"Project 1950" (Ryko; 2003)

Reviewed by R. Scott Bolton

According to the liner notes herein, "Project 1950" is a long-in-the-works" "side project" masterminded by Jerry Only. The CD features ten classic rock'n'roll tunes from the 50s, as modernized and Misfitted by the Misfits of today (Jerry Only, Marky Ramone and Dez Cadena). You've heard all of these songs before, if only in the movies: "This Magic Moment," "Dream Lover," "Diana," "Donna," "Great Balls of Fire," "Latest Flame," "Monster Mash," "Only Make Believe," "Runaway" and "You Belong to Me." 

Every song is recognizable as itself, despite the punkization that it's gone through. And that's a good thing. You wouldn't want to take these songs and destroy them with soulless, loud music. Instead, the performers on "Project 1950" show their respect and their love of this music, and bring it to the punk era without destroying the original memories.

Of course, there are fans of 50s music who are going to disagree with me adamantly. So be it.

It's hard to say which songs work better than others, but you've got to vote for "Monster Mash" as one of the CD's highlights, simply because it fits the Misfits image so well.

Several special guests help out on the CD as well, including the legendary Ronnie Spector, John Cafiero, Ed Manion, Joan Tyler, Robert Dunn and Jimmy Destri.

On the downside, most songs in the 50s didn't run very long and, even with ten tracks on the CD, "Project 1950" runs only just over 24 minutes. Apparently being aware of that, the band has added a bonus DVD featuring live versions of five of the songs on "Project 1950" plus six additional songs - either videos or live performances - featuring Balzac and the Misfits. The DVD makes shelling out $15.00 for a 24-minute CD a lot more tolerable.

Misfits: Jerry Only - bass, lead vocals; Marky Ramone - drums, percussion, piano; Dez Cadena - guitars.

For more information, check out http://www.misfits.com

"1996 - 2001: Cuts From the Crypt" (Roadrunner; 2001)

Reviewed by R. Scott Bolton

My strange taste in music has often been brought to my attention: I liked KISS better before they put the makeup back on, I like Metallica just as much now as I did in the early days and I think Misfits are a much better band since Glenn Danzig took a powder.

That's why "Cuts From the Crypt" is such a cool CD. It features rare demos (the first seven tracks are from the legendary "Mars Attacks" demos), a live cut ("Rise Above"), rare singles ("I Wanna Be a NY Ranger" and "Monster Mash"), some cool covers (Iggy Pop's "I Got a Right" and Black Flag's "Rise Above") and the title track from a film by film director George A. Romero (who was responsible for the original 'Night of the Living Dead' film). Speaking of Romero, this enhanced CD also includes his video for the band's tune "Scream."

There are also well-written liner notes explaining from where each of these songs came and a thorough history of the band's past few years.

"Cuts From the Crypt" is a must-have CD for fans of the legendary Misfits. And it's not a bad place for those who have seen the t-shirts, lunchboxes and other Misfits items they sell at Hot Topic to find out what all the hoopla is about.

Bottom line: Since the Ramones broke up several years ago (R.I.P. Joey Ramone), the Misfits have regained their throne as one of the most exciting punk rock bands out there.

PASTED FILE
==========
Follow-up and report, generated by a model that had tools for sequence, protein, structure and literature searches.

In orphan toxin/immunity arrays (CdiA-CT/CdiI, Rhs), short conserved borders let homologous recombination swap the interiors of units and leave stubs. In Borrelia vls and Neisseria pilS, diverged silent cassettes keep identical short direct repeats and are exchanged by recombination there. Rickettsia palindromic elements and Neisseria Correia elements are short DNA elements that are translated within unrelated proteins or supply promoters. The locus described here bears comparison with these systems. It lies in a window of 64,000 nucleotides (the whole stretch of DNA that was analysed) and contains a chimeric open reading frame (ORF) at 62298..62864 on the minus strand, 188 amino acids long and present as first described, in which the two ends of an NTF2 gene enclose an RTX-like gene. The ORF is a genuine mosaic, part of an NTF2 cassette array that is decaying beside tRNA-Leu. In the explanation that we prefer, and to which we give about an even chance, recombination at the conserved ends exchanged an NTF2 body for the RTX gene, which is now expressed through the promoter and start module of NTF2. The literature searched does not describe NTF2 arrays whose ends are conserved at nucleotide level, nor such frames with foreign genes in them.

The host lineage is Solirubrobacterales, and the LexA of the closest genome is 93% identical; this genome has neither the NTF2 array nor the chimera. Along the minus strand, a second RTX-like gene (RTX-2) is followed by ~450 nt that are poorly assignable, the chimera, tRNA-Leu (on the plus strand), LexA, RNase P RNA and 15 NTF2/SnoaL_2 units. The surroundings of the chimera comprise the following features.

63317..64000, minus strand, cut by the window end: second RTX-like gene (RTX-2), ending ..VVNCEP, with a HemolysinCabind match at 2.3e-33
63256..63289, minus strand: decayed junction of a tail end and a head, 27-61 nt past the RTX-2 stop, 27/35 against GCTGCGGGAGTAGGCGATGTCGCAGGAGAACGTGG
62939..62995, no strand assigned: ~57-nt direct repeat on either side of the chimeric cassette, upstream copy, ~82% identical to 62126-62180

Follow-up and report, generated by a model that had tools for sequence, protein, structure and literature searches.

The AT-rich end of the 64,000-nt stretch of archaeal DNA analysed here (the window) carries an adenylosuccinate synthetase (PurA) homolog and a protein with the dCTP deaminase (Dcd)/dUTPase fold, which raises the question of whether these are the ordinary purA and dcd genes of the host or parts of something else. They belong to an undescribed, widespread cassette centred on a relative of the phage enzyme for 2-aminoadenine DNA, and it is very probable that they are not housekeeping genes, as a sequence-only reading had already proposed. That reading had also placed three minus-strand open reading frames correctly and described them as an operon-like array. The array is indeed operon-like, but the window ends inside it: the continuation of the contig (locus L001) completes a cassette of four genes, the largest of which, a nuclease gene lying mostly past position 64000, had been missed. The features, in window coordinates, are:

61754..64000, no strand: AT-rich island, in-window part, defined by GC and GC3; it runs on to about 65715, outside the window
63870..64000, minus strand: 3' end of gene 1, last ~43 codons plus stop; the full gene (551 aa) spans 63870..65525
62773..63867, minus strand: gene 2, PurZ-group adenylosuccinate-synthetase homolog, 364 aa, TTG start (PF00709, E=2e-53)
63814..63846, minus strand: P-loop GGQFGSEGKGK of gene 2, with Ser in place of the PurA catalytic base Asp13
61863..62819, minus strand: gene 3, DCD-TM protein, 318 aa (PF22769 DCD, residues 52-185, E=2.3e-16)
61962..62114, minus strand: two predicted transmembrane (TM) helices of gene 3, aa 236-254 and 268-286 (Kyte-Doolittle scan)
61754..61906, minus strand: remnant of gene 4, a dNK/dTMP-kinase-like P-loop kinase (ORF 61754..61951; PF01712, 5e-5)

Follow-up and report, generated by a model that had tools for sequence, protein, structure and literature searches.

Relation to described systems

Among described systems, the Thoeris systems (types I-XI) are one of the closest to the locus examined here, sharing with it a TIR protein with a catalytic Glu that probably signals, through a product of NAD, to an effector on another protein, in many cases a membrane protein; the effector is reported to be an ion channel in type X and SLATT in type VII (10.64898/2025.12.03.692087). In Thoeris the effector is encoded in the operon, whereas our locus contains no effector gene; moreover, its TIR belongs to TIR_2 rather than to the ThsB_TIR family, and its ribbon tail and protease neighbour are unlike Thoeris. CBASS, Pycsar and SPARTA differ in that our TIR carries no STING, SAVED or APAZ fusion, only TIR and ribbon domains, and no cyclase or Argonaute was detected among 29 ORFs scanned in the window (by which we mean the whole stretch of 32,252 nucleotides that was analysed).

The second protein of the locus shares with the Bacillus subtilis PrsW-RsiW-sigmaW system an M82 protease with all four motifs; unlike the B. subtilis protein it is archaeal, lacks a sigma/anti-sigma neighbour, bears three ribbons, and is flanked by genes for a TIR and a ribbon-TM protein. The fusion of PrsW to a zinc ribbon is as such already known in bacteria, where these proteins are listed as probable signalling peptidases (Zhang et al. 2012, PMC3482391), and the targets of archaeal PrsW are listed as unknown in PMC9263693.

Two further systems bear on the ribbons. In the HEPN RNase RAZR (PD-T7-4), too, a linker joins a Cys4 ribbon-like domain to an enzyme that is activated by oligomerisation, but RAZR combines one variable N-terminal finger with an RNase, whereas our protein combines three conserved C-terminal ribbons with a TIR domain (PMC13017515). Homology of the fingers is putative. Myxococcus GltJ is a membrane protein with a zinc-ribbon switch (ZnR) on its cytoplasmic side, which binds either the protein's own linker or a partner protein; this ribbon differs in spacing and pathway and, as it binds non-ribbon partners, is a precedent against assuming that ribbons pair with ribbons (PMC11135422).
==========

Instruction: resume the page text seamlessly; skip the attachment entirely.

Then again, I liked KISS better before they put the makeup back on.

For more information on the Misfits, please visit their website at http://www.misfits.com.

"Famous Monsters" (Roadrunner; 1999)misfits.jpg (19638 bytes)

Reviewed by R. Scott Bolton

Have you and your friends ever been sitting around, playing cards, drinking gin, and wondering what it would sound like if the Ramones were crossed with Rob Zombie?

Yeah, me neither. Regardless, the Misfits, with their new release on Roadrunner Records, have answered that question anyway. The Ramones crossed with Rob Zombie would sound like "Famous Monsters."

"Famous Monsters" is an old fashioned punk album, a la the aforementioned Ramones, containing 18 fast little ditties with Rob Zombie-like titles such as "Kong at the Gates," "Crawling Eye," "Pumpkin Head," "Die Monster Die," and "Helena" an ode to the cult film "Boxing Helena." Of course, the Misfits have been around longer than Rob Zombie and this CD just continues their horror rock legacy.

And you know what else? This CD kicks ass. It's just pure, unadulterated rock'n'roll. No socially conscious lyrics, no artsy-fartsy instrument tricks, no operahouse vocals - it's just rock'n'roll in its purest form: guitars, drum, bass, vocals. And, damn, if it isn't a blast!

Every song on this 18-track collection rips along with pure rock fury and there isn't a weak track on the CD. Highlights, however, include "The Forbidden Zone," the 50's-tinged "Saturday Night," the very Ramones-like "Living Hell" and the Misfits' ode to the 1950's giant ant movie, "Them!"

Of course, the Misfits have been around for 20 years or so, hence, to compare them to relative contemporaries like Rob Zombie is unfair. But the comparison to the Ramones fits and - if you ask Pud or me - that's a damn fine recommendation.

For more information on the Misfits, please visit their website at http://www.misfits.com.

Rating Guide:

A classic. This record will kick your ass.

Killer. Not a classic but it will rock your world.

So-so. You've heard better.

Pretty bad. Might make a nice coaster.

Self explanatory. Just the sight of the cover makes you wanna hurl.

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Copyright 2003 by R. Scott Bolton. All rights reserved.
Revised: 11 Sep 2022 13:59:46 -0400 .